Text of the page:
Addition is a mathematical operation that represents combining collections of objects together into a larger collection. It is signified by the plus sign (+). For example, in the picture on the right, there are 3 + 2 apples—meaning three apples and two other apples—which is the same as five apples. Therefore, 3 + 2 = 5. Besides counting fruits, addition can also represent combining other physical and abstract quantities using different kinds of numbers: negative numbers, fractions, irrational numbers, vectors, decimals and more.

Addition follows several important patterns. It is commutative, meaning that order does not matter, and it is associative, meaning that when one adds more than two numbers, order in which addition is performed does not matter (see Summation). Repeated addition of 1 is the same as counting; addition of 0 does not change a number. Addition also obeys predictable rules concerning related operations such as subtraction and multiplication. All of these rules can be proven, starting with the addition of natural numbers and generalizing up through the real numbers and beyond. General binary operations that continue these patterns are studied in abstract algebra.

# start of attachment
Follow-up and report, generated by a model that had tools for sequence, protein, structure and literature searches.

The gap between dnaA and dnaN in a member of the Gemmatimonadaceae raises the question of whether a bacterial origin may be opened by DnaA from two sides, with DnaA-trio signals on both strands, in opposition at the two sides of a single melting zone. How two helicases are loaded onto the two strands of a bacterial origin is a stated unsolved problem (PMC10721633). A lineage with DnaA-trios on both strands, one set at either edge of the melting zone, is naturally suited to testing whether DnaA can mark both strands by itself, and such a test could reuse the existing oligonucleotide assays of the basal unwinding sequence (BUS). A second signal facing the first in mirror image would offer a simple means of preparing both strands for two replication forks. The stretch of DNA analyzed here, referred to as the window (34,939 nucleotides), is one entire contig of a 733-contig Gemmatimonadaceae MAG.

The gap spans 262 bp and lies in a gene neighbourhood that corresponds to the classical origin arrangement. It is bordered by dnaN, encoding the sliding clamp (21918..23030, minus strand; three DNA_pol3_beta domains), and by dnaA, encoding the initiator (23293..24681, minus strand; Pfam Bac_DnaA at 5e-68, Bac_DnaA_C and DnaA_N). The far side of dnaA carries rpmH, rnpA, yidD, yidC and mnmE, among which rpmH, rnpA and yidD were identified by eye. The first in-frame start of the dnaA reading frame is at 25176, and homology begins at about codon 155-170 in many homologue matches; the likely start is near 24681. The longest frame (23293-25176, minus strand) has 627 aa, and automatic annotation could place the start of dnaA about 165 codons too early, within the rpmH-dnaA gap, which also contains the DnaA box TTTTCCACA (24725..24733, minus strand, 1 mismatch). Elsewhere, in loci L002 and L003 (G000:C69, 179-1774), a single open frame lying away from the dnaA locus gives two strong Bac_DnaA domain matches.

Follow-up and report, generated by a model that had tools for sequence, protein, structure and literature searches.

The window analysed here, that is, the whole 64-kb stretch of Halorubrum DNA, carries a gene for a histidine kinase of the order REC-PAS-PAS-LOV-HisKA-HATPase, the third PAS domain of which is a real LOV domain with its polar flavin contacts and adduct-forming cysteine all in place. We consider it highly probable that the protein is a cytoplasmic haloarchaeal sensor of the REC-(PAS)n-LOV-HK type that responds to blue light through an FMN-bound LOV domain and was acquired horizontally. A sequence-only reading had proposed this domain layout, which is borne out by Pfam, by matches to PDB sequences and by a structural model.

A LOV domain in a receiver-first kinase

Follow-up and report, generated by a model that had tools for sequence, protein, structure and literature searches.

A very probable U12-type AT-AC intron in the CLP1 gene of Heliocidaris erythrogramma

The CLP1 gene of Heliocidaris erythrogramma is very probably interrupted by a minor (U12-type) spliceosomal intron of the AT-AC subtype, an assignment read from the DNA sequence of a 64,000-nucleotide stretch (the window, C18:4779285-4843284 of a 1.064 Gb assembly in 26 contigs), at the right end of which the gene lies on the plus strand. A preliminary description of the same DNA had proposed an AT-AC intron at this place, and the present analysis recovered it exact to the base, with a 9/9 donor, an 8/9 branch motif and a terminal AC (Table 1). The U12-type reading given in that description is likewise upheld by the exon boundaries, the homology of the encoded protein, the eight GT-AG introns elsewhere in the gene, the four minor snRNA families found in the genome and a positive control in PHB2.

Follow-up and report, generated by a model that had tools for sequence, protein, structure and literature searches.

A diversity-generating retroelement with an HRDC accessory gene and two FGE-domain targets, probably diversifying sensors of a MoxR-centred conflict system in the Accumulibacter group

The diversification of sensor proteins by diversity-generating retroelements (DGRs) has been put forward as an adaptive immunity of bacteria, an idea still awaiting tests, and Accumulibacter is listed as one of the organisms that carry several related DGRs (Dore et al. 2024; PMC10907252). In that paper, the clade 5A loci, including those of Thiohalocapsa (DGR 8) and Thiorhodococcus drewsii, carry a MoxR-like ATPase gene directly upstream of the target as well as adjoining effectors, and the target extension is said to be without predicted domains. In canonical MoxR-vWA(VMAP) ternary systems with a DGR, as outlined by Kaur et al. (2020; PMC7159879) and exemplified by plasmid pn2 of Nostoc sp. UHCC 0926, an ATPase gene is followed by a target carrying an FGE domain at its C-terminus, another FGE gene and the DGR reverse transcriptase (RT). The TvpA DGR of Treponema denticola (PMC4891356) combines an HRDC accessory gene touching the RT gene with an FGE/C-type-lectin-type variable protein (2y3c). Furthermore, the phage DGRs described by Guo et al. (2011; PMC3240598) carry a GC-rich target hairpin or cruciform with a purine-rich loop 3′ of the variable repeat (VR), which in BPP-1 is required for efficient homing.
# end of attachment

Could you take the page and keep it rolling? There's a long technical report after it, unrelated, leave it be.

Performing addition is one of the simplest numerical tasks. Addition of very small numbers is accessible to toddlers; the most basic task, 1 + 1, can be performed by infants as young as five months and even some animals. In primary education, students are taught to add numbers in the decimal system, starting with single digits and progressively tackling more difficult problems. Mechanical aids range from the ancient abacus to the modern computer, where research on the most efficient implementations of addition continues to this day.

Read more about AdditionNotation and Terminology, Interpretations, Addition of Natural and Real Numbers, Generalizations, In Literature

Other articles related to "addition":

... A semiring is a set R equipped with two binary operations + and ·, called addition and multiplication, such that (R, +) is a commutative monoid with identity element 0 (a + b ... The difference between rings and semirings, then, is that addition yields only a commutative monoid, not necessarily a commutative group ... in semirings do not necessarily have an inverse for the addition ...
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... This necessitated the addition of a second hangar atop the first, raising freeboard to 15 m (49 ft) ... Even the addition of Sperry active stabilizers failed to compensate for the inherent instability of the new design and in 1934 Ryūjō was taken in hand for extensive ... Changes included strengthening of the keel, the addition of enlarged bulges to either side of the hull and the removal of two twin 127mm AA gun mountings to reduce her top weight ...
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... Say one wants to find the sum of the numbers 653 and 274 ... Write the second number under the first one, with digits aligned in columns, like so 4 ... Then draw a line under the second number and put a plus sign ...

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